• -e in Unix V8 (by Dennis RitchieRef)
  • -E itself possibly initially came from bash (CWRU/CWRU.chlog in version 1.13.5 mentions Brian Fox adding it on 1992-10-18, GNU echo copying it shortly after in sh-utils-1.8 released 10 days later)

While the echo builtin of the sh of BSD has supported -e since the day they started using the Almquist shell for it in the early 90s, the standalone echo utility to this day doesn’t support it there (FreeBSD echo still doesn’t support -e, though it does support -n like Unix V7 (and also c but only at the end of the last argument)).

The handling of -e was added to ksh93‘s echo when in the BSD universe in the ksh93r version released in 2006 and can be disabled at compilation time.

4. GNU echo change of behaviour in 8.31

Since coreutils 8.31 (and this commit), GNU echo now expands escape sequences by default when POSIXLY_CORRECT is in the environment, to match the behaviour of bash -o posix -O xpg_echo‘s echo builtin (see bug report).

5. macOS echo

Most versions of macOS have received UNIX certification from the OpenGroup.

Their sh builtin echo is compliant as it’s bash (a very old version) built with xpg_echo enabled by default, but their stand-alone echo utility is not. env echo -n outputs nothing instead of -n<newline>, env echo 'n' outputs n<newline> instead of <newline><newline>.

That /bin/echo is the one from FreeBSD which suppresses newline output if the first argument is -n or (since 1995) if the last argument ends in c, but doesn’t support any other backslash sequences required by UNIX, not even \.

6. echo implementations that can output arbitrary data verbatim

Strictly speaking, you could also count that FreeBSD/macOS /bin/echo above (not their shell’s echo builtin) where zsh‘s echo -E - "$var" or yash‘s ECHO_STYLE=raw echo "$var" (printf '%sn' "$var") could be written:

/bin/echo "$var

And zsh‘s echo -nE - "$var" (printf %s "$var") could be written

/bin/echo "$varc"

Implementations that support -E and -n (or can be configured to) can also do:

echo -nE "$var

For the equivalent of printf '%sn' "$var".


The _AST_FEATURES is not meant to be manipulated directly, it is used to propagate AST configuration settings across command execution. The configuration is meant to be done via the (undocumented) astgetconf() API. Inside ksh93, the getconf builtin (enabled with builtin getconf or by invoking command /opt/ast/bin/getconf) is the interface to astgetconf()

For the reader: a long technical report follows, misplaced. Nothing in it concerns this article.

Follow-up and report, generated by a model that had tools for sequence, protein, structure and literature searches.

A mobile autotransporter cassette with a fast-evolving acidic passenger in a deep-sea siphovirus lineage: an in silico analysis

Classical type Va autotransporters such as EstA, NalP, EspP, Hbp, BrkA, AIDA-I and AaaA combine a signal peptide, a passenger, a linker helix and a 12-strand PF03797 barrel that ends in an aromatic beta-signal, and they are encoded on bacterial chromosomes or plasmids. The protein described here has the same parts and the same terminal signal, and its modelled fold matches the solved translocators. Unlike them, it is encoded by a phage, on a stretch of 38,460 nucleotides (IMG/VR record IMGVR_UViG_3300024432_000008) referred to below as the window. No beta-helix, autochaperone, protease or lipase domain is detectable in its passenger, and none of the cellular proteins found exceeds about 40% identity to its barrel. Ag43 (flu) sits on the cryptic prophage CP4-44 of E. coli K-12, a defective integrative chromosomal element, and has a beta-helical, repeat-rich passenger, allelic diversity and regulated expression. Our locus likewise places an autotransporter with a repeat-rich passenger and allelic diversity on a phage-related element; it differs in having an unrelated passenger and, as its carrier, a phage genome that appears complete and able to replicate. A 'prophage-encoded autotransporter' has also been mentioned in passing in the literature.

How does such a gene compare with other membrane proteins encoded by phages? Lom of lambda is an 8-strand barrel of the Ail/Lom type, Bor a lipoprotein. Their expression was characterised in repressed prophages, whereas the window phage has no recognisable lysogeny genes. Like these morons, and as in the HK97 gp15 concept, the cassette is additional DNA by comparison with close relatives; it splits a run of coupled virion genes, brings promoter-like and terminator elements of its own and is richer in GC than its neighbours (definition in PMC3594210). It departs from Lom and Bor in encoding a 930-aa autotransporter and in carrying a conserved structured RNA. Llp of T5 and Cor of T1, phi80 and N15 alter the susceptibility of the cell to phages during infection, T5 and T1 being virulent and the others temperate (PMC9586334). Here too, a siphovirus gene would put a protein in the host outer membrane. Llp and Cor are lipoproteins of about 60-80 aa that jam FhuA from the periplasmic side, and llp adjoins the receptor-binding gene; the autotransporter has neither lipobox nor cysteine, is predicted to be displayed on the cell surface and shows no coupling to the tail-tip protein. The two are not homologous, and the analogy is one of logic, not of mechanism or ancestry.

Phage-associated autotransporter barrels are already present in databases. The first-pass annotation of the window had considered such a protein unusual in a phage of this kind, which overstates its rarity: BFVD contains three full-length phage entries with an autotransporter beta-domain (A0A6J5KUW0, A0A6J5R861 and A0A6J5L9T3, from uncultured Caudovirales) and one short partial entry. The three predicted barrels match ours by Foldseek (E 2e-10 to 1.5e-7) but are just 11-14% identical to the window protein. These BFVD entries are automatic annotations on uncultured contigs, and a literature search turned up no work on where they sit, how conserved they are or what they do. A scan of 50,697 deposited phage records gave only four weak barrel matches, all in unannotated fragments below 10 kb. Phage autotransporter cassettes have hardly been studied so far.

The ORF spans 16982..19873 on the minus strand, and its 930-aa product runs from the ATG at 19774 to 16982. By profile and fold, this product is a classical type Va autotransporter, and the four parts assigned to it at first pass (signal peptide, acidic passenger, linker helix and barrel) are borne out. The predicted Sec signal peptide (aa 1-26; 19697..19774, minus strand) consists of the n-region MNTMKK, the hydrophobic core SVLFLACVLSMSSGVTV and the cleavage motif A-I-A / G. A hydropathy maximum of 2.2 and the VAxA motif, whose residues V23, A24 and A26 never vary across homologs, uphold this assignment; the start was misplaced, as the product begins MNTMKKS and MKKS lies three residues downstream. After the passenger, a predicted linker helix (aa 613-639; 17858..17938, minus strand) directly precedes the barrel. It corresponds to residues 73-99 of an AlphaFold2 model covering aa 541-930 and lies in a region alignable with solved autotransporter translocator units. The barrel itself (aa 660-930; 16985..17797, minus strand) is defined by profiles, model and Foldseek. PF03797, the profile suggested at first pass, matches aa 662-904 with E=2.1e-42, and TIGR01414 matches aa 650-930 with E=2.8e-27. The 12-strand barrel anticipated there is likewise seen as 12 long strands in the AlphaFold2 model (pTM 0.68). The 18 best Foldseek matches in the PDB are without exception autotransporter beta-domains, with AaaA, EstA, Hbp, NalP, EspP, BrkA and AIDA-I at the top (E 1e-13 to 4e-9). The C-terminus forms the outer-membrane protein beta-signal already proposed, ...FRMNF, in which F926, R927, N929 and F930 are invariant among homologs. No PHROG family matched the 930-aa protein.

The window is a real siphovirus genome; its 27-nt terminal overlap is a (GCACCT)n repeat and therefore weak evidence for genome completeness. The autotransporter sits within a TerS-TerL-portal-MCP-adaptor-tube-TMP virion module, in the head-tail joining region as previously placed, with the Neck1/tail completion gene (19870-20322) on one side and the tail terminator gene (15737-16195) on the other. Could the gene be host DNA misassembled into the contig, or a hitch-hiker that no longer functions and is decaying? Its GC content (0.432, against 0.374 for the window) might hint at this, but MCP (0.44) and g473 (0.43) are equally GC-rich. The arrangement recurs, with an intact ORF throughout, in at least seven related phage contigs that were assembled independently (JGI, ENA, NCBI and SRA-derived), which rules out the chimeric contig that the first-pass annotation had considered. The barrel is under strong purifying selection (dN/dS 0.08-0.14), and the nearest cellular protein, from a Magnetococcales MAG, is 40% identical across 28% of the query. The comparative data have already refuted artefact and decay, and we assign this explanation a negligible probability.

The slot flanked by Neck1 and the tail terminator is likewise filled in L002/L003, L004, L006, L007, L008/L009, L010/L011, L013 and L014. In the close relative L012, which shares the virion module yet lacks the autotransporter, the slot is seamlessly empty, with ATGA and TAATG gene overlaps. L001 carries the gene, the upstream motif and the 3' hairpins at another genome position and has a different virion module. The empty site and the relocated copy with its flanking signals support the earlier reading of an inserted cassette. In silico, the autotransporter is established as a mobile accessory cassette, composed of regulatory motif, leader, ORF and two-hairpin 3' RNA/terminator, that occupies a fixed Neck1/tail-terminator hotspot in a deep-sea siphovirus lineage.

For instance, you’d do builtin getconf; getconf UNIVERSE = att to change the UNIVERSE setting to att (causing echo to behave the SysV way among other things). After doing that, you’ll notice the $_AST_FEATURES environment variable contains UNIVERSE = att.

Answered By: Stéphane Chazelas

One downside of printf is performance because the built-in shell echo is much faster. This comes into play particularly in Cygwin where each instance of a new command causes heavy Windows overhead. When I changed my echo-heavy program from using /bin/echo to the shell’s echo the performance almost doubled. It’s a trade off between portability and performance. It’s not a slam dunk to always use printf.

Answered By: John

I encountered an example recently where echo seemed to be better-behaved/more reliable than printf.

Using echo:

echo -e 'nexport MANPATH="/usr/lib/arm-linux-gnueabihf/share/man:$(manpath)"' >> ~/.profile

In my ~/.profile, here’s what I saw:

export MANPATH="/usr/lib/arm-linux-gnueabihf/share/man:$(manpath)"

echo seems to do exactly what I need. The -e option was used because I like a little spacing in my ~/.profile, and wanted to add a newline to the front end.

After reading this Q&A, I thought I might be missing something & tried printf:

printf 'n%sn' "export MANPATH='/usr/lib/arm-linux-gnueabihf/share/man:$(manpath)'" >> ~/.profile
manpath: warning: $MANPATH set, ignoring /etc/manpath.config 

# ugh!... not what I wanted; let's try this with the quotes (`"`, `'`) rearranged: 

printf 'n%sn' 'export MANPATH="/usr/lib/arm-linux-gnueabihf/share/man:$(manpath)"' >> ~/.profile

In my ~/.profile, here’s what I saw:

# from the first printf above comes this:

export MANPATH='/usr/lib/arm-linux-gnueabihf/share/man:/usr/lib/arm-linux-gnueabihf/share/man:/usr/local/man:/usr/local/share/man:/usr/share/man' 

# then, from the second try: 

export MANPATH="/usr/lib/arm-linux-gnueabihf/share/man:$(manpath)" 

# which is "just right" as Goldilocks once said

IOW, $(manpath) is expanded in the first case… which is not what I wanted; but not in the second case… which is what I wanted.

The only point here is that the relative arrangement of double (") vs single (') quotes is what made the difference – not some inherent superiority of printf vs echo. Both are competent utilities, and in most situations will get the job done. IMHO, the diffs between printf and echo – discussed at length above – seem to boil down to quirks in relatively obscure implementations.

Answered By: Seamus